AI could consume as much electricity as The Netherlands by 2027. We need game-changing innovation to keep up with its growth.
SwissCognitive Guest Blogger: HennyGe Wichers, PhD – “AI Is Huge – And So Is Its Energy Consumption”
Replacing every Google search with an LLM interaction uses as much electricity as Ireland, Alex de Vries writes in a commentary published in the journal Joule on October 10, 2023. The PhD candidate at Vrije Universiteit Amsterdam is raising concerns about the environmental impact of artificial intelligence.
Large models like ChatGPT (OpenAI), Bard (Google), and Claude (Anthropic) consume a lot of energy. Take, for example, ChatGPT. The chatbot is built on a model called GPT-3, which used an estimated 1,287 MWh in electricity during its training phase. According to the chatbot, that’s the equivalent of driving a Tesla Model 3 around the Earth’s equator 21,500 times.
ChatGPT suggested using household energy consumption for scale first. It was a good idea, but its answer was clearly wrong. It doesn’t make sense that 1,287 MWh powers either 1,468 American homes for a year or 122 for a month. The machine politely apologised when I pointed this out.
That’s nice, but I no longer trusted the AI and had to verify its second suggestion – with a Google search. For now, LLMs are probably increasing rather than replacing traditional search traffic. But I digress.
It’s well-known that training an LLM uses a lot of energy, yet that’s only the first step in the process. The second step is inference, a phase few of us have heard of, but many participated in.
For ChatGPT, inference began when it was launched. It continued to learn while interacting with the public and creating live responses to user queries. The chatbot’s estimated energy consumption during this phase was 564 MWh daily. That’s close to half the electricity consumed in training (44%) – but used every single day.
“Looking at the growing demand for AI service, it’s very likely that energy consumption related to AI will significantly increase in the coming years,” de Vries commented in an interview.
ChatGPT exploded as soon as it launched, registering an incredible 100 million users in just 2 months and igniting a chain reaction of artificial intelligence products. Unfortunately, we can’t skip the inference phase for new AIs because, without it, the machine would not have the ability to learn.
From 2019 to 2021, a whopping 60% of Google’s AI-related energy bill was for inference. But progress is being made. Hugging Face, a relative newcomer founded in 2016, developed the open-source alternative BLOOM using significantly less energy in the inference phase relative to the training phase.
Let’s take a look at the energy consumption for a single user request. Comparing the different methods, the graph looks as follows.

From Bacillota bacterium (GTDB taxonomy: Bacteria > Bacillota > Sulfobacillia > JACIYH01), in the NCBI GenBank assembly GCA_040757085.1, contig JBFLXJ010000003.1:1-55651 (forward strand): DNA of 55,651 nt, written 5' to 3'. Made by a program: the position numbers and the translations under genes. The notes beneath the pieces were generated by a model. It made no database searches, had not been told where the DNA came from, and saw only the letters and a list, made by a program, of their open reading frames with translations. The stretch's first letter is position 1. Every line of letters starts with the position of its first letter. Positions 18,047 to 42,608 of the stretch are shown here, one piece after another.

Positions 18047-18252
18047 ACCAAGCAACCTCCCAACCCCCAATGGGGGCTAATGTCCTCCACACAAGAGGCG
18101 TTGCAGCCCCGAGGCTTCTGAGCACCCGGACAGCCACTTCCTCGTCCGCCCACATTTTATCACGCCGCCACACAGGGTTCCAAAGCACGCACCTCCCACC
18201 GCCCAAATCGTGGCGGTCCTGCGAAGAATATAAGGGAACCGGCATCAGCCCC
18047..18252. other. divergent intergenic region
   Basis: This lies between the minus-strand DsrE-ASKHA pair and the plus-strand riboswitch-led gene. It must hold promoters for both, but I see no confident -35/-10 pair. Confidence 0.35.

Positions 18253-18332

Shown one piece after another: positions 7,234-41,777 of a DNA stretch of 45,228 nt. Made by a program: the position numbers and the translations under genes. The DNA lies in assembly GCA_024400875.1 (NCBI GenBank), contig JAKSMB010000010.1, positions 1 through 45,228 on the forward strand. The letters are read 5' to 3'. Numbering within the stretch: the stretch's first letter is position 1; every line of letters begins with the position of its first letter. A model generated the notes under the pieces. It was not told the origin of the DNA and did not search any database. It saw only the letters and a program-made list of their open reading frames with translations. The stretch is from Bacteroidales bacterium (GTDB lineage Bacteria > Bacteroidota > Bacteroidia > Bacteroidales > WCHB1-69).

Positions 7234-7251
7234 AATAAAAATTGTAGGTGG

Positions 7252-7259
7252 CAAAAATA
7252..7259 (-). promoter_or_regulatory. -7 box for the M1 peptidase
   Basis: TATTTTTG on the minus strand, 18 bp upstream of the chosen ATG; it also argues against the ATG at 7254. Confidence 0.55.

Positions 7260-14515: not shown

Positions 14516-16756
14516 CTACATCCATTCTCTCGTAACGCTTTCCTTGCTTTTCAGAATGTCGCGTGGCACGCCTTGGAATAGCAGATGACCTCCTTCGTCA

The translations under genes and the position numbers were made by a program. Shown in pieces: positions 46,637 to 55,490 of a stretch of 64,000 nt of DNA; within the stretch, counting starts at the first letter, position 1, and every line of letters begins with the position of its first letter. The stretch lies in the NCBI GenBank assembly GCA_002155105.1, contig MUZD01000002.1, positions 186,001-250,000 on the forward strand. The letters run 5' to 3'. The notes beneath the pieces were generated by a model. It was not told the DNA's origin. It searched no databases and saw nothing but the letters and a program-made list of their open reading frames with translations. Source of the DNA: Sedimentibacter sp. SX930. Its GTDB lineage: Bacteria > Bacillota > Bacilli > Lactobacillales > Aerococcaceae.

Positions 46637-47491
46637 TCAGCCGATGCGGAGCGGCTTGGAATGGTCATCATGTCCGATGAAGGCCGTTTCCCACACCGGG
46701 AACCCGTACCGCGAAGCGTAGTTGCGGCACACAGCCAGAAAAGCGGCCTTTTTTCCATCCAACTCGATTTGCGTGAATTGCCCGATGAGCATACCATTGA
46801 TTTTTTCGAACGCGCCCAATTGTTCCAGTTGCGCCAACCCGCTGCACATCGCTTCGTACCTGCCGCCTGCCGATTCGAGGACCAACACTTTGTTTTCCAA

The last two bars show estimations for AI-powered Google Search by two independent research firms, New Street Research and SemiAnalysis. It’s very costly at 20 to 30 times the usage of regular Google Search. That’s not an immediate problem, however, because NVIDIA can’t supply the hardware required.
Google would need 512,821 of NVIDIA’s AI servers to make every search an LLM interaction. That’s more than 5 times the company’s production for 2023, when it’s expected to deliver around 100,000 servers. The gap is enormous. Moreover, NVIDIA has around 95% market share, so no alternative supplier exists today.
Chips are an issue, too. NVIDIA’s chip supplier, TSCM, is struggling to expand its chip-on-wafer-on-substrate (CoWoS) packaging technology, which is essential for the chips NVIDIA needs. TSCM is investing in a new plant, but it will only begin to produce volumes in 2027. By then, NVIDIA could have demand for 1.5 million of its AI servers.
Hardware will remain a bottleneck for several more years. Still, without hardware constraints, we’d encounter problems further upstream. Building permissions for data centres take time, and construction does, too. Not to mention, the energy grid needs to expand to deliver the electricity required to run and cool them.
But these constraints will drive innovation. We will find more efficient models and ways to operationalise them. A breakthrough in quantum computing could change everything, both for the supply and demand for AI.
De Vries points out, “The result of making these tools more efficient and accessible can be that we just allow more applications of it and more people to use it.”
He’s referring to Jevons’ Paradox, which occurs when an increase in efficiency causes costs to fall and demand to increase to the point where we use the tools more than we would have without the improvement.
The paradox was formulated in 1865 and has been observed many times since. LED lighting is a nice example: running LEDs is so cheap that we’ve covered the planet with them and now use more electricity for lights than ever before. If that is hard to imagine, just take a look at Sphere in Las Vegas.
How amazing is that? But we wouldn’t have built it if innovation hadn’t graduated to LEDs. AI might follow a similar path. Nevertheless, without game-changing innovation to reduce energy use and ensure sustainable supply, we must think twice.
“The potential growth highlights that we need to be very mindful about what we use AI for. It’s energy-intensive, so we don’t want to put it in all kinds of things where we don’t actually need it,” de Vries offers as a parting thought.
Still, the very AI that poses the risk may also help us solve climate change and sustainability challenges.